The Elements That Comprise Actual Physical Control

In order to be considered as having actual physical control of the vehicle, the following must apply to the situation:

  • Actual, or constructive possession over the key to the car
  • The accused was in the driver's seat, passenger seat or backseat of the car
  • Proof that the car was mechanically able to be driven

Evidence that a car is able to run without a physical key in the ignition is increasingly standard these days with many of the late model fobs not requiring a keyhole or ignition turnover and with the rise in popularity of hybrid and electric cars. That you had the necessary tool (the key) and that you COULD HAVE driven the car are the major factors for actual possession to be established. There have been instances where the offender was in the back seat of the car, but had the car keys in his pants pocket, and was found guilty of a DUI charge. In order to prove that the car was operable (mechanically able to be driven), the car must be capable of self-propelled movement. The gas tank being empty is not a viable defense, whereas not having all four tires, being up on blocks, or some pressing mechanical issue might be a defense to the accusation. In certain states (although not Florida) you would be required to obtain a document from the state certifying that the car was a jalopy.

So, if you decide to sit in your legally parked car and sleep off the evening's libations without taking the clever precautions of turning the engine off, making sure the car is in park with the emergency brake set, and settling down in the back seat of the vehicle, well…then you could still be arrested for driving under the influence. Reportedly there have even been incidents where the offender placed the car keys outside of the vehicle and was still arrested for DUI under the laws of actual physical control. 

Common DUI Mistakes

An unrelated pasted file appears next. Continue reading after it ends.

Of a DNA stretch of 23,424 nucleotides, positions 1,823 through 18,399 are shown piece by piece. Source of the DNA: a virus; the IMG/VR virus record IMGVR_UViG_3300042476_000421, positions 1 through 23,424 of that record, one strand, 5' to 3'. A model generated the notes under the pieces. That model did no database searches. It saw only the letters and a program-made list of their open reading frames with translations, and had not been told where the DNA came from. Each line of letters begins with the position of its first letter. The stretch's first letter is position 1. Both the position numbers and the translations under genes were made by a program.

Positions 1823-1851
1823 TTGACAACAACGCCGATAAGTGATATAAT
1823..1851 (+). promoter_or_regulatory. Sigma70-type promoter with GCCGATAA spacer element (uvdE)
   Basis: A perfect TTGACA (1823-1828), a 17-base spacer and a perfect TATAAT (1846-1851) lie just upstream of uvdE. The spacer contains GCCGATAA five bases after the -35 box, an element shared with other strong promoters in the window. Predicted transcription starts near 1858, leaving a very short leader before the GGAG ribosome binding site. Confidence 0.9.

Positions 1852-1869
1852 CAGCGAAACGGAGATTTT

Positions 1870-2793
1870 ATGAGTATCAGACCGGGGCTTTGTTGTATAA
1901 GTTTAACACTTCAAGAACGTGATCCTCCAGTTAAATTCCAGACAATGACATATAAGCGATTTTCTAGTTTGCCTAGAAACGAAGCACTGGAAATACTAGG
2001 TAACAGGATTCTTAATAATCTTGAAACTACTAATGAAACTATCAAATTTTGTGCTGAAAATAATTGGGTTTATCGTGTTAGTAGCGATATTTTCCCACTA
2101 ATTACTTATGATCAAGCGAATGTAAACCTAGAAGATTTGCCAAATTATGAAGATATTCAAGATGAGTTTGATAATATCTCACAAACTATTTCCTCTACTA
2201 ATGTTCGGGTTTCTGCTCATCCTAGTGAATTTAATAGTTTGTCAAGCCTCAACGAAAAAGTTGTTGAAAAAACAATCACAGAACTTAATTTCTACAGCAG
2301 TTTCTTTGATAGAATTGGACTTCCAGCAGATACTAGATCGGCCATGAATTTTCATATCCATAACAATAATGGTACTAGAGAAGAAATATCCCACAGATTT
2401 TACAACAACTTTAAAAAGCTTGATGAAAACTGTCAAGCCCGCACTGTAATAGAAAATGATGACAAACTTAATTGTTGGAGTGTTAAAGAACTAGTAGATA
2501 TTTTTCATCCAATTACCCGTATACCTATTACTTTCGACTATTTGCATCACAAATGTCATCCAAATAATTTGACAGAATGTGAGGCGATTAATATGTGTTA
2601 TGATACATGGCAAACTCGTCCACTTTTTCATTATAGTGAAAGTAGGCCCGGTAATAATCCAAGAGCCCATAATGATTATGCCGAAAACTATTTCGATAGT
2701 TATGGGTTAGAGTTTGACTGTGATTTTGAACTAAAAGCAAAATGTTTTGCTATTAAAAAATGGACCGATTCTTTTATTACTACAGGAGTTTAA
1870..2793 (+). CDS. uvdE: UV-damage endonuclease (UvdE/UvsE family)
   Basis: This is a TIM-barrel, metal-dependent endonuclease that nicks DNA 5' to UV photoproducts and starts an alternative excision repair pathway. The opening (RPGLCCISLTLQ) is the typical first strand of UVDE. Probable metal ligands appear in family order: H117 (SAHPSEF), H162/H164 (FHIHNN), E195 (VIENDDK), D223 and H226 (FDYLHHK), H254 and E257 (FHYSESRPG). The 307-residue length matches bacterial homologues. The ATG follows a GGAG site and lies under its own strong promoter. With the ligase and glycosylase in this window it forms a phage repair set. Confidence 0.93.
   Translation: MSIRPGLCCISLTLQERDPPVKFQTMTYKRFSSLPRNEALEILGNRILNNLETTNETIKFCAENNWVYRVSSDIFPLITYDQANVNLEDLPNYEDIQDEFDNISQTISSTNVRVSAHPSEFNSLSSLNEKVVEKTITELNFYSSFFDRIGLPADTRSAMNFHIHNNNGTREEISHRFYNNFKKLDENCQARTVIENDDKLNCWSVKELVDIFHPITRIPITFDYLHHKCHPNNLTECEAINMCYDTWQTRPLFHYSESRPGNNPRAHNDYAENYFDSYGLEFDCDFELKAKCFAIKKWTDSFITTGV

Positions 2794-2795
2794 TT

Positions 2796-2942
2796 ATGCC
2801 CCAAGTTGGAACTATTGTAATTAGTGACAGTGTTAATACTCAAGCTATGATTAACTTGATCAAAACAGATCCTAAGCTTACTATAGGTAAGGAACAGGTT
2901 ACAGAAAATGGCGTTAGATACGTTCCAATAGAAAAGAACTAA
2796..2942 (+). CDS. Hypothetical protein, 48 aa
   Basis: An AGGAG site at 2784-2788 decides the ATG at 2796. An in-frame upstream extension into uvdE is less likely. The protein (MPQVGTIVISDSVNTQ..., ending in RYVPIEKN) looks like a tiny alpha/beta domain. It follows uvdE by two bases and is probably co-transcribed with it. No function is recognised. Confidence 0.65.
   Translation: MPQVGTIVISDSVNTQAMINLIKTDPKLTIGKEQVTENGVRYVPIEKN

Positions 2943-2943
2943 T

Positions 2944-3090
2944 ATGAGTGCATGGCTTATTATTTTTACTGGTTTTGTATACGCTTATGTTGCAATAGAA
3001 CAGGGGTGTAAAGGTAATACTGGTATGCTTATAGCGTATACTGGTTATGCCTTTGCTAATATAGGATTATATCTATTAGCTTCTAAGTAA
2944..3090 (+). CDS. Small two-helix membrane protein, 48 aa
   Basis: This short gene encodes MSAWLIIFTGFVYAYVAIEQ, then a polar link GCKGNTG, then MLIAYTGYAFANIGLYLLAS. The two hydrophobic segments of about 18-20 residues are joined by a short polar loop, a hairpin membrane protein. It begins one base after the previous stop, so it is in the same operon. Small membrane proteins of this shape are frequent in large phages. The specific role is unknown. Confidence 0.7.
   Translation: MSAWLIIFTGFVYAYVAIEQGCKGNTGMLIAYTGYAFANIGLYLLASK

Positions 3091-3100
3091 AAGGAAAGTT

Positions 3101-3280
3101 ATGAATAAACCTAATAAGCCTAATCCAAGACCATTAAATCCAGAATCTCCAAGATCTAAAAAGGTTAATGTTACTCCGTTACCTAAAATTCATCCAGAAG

Not Choosing a Designated Driver
Forethought will spare you from a lot of unpleasant things. Before you go out drinking, ask a friend if they would be willing to get you home safely. If you can't find someone who is willing to be the designated driver, load the Uber or Lyft app onto your phone or put the number for a local cab company in your contacts. If for some reason that doesn’t work, restaurants and bars are usually happy to call a cab for you. Being rational and planning ahead will save you from a lot of things. In this instance, it may save you from a criminal record. It may even save a life. 

Not Having Your Paperwork Ready
If you drink and still make the decision to drive, you can help yourself out by having all of your necessary paperwork, usually just your license, registration, and proof of insurance, ready to hand over. Keep your license in the same spot in your wallet. Keep your paperwork in the same spot in your glove compartment, paper-clipped together. It is normal to be nervous with a police officer standing outside your car window, and knowing that you have been drinking is only going to compound that anxiety. Dumping out the contents of your purse, or digging around in your backseat trying to find all these little bits of paper that you need is going to be a major indicator that something is not right. The more you talk and the more you move, the more you are going to give yourself away. The police are already looking for any type of behavior that might indicate that you are under the influence. The less you say and do, the better. So keep all your necessary things together, and always in the same place. 

If you or a loved one are facing any of these charges, do not hesitate to call our law firm today to schedule a free, no-obligation, and confidential case assessment today with one of our experienced DUI attorneys.

Get your case started by calling us at (888) 484-5057 today!